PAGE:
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plucking hand fingering

Discussion in 'Ask Adam Nitti' started by noam, Jun 25, 2012.

  1. noam

    noam

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    Hi Adam,

    I'm currently practicing things like scales and arpeggios using different combinations of alternating right hand fingering: 1-2,
    1-3, 3-2-1, 3-2-1-2, etc. It all adds up to a lot of time, but in performance it seems that sticking to 1-2 results in better tone for just about everything... do you think that working with all finger permutations is still a good idea, or maybe a waste of practice time? I don't know if my 3rd finger will ever get strong and facile enough to be preferred for use in single note lines, plus perhaps by its natural position of contacting the string farther toward the bridge, it results in tonal inconsistency no matter how developed it might become.

    Any thoughts would be appreciated!

    Thanks
  2. adamnitti

    adamnitti

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    hi noam-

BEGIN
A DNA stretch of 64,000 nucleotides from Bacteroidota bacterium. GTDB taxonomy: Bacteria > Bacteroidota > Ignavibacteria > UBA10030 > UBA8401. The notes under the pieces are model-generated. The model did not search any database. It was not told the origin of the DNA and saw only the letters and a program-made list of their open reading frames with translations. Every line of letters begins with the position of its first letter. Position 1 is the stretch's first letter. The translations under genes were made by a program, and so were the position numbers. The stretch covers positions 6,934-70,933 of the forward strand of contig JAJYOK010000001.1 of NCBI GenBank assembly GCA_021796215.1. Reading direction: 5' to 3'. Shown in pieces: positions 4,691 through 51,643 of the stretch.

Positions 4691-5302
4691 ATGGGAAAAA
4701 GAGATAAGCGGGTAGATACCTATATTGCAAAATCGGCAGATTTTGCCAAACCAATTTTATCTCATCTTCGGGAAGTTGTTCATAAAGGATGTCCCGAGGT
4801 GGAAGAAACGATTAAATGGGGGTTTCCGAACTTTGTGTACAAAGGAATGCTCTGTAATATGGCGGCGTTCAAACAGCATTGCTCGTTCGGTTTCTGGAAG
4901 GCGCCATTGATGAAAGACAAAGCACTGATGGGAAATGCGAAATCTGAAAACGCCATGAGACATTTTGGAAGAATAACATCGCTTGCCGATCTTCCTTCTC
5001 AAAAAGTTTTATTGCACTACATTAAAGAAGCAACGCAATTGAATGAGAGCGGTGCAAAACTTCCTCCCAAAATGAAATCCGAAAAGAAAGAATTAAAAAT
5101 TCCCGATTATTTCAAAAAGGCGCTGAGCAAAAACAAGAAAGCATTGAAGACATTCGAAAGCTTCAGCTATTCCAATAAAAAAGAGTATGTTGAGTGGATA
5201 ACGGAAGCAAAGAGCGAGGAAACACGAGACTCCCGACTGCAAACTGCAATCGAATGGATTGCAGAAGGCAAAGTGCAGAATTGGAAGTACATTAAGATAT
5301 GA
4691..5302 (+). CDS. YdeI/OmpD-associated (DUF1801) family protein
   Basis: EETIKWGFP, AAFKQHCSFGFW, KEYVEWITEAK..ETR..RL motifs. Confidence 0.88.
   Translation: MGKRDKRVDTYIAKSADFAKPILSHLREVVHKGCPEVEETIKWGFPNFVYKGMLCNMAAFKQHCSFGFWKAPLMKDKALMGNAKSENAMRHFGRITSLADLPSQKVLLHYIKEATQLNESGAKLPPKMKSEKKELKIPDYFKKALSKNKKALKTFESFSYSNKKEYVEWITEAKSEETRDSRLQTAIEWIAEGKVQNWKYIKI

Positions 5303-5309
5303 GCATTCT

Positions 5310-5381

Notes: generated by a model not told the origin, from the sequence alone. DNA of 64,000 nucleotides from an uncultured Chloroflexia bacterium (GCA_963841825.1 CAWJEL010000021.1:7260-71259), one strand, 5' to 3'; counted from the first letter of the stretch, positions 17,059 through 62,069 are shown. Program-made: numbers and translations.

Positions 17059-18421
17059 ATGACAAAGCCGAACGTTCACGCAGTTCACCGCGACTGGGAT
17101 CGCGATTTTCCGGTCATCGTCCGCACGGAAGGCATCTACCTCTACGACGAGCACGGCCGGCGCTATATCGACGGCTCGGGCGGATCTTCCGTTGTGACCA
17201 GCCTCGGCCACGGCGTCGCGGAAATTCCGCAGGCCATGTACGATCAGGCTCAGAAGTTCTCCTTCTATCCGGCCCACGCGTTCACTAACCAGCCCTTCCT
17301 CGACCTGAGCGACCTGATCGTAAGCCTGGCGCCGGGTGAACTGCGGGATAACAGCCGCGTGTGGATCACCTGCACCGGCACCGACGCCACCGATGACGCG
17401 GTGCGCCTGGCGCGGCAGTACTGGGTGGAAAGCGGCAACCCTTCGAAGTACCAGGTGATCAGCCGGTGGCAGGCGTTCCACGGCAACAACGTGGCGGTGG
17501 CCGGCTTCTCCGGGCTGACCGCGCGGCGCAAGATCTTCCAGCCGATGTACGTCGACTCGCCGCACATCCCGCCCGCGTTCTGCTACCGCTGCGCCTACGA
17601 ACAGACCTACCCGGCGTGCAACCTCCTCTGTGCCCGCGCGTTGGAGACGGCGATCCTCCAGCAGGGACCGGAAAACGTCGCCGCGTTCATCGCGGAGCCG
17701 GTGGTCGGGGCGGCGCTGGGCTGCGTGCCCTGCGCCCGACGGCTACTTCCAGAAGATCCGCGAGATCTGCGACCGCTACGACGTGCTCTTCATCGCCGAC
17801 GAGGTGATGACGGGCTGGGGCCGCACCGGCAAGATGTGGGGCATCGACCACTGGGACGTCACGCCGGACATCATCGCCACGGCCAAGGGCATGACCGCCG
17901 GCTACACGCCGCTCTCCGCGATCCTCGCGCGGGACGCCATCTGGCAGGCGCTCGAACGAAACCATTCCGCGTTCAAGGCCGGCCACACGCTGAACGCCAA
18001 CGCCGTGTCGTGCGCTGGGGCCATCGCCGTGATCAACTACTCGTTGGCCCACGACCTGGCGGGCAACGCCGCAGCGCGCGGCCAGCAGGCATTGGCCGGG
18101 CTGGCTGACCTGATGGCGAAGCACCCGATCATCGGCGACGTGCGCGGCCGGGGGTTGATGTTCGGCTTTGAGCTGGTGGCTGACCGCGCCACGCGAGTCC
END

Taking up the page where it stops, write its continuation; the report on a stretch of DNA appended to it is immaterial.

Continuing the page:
i can try to answer your question based on my own personal experience. your results may vary... my fundamental approach for plucking is based around 1-2 and 2-1... i spent a lot of time practicing with multiple fingers years ago trying to gain various advantages, and although i was able to equalize the dynamics between the 3 fingers, truthfully i wasn't able to measurably increase my speed or dexterity over the 2 fingered approach that i had worked so hard to refine. so, i stuck with it. i do use my 3rd finger regularly, but it's more in the context of a hybrid slapping technique that i use for groove building and soloing. i would never call it a waste of time to work on those permutations. however, you may find that it's just more efficient to stick with the 2 fingered approach when it comes to practical application. the bottom line is that with enough practice you can get the 3 fingers even enough in dynamics and dexterity to make it work if you really want to; it just takes some serious time and patience. fwiw, i worked on the 3 finger hybrid approach i mentioned for a whole year before i thought it was 'performance ready...' hope that helps somewhat!
  3. noam

    noam

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    Thanks Adam, yes that is helpful... I appreciate your perspective. I think in my case that working on 3 finger permutations will be worthwhile, even if I only end up using them in chords rather than as a linear monophonic technique.
  4. preside

    preside

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    I use my ring finger quite a bit but only in a hybrid fingerstyle with thumb and 3 fingers. I'm kind of a big Bobby Vega fan and coped this style from him. Getting the volume and tone to be the same was a bear so I opted to work the tonal and volume variation into the style instead of fighting it.

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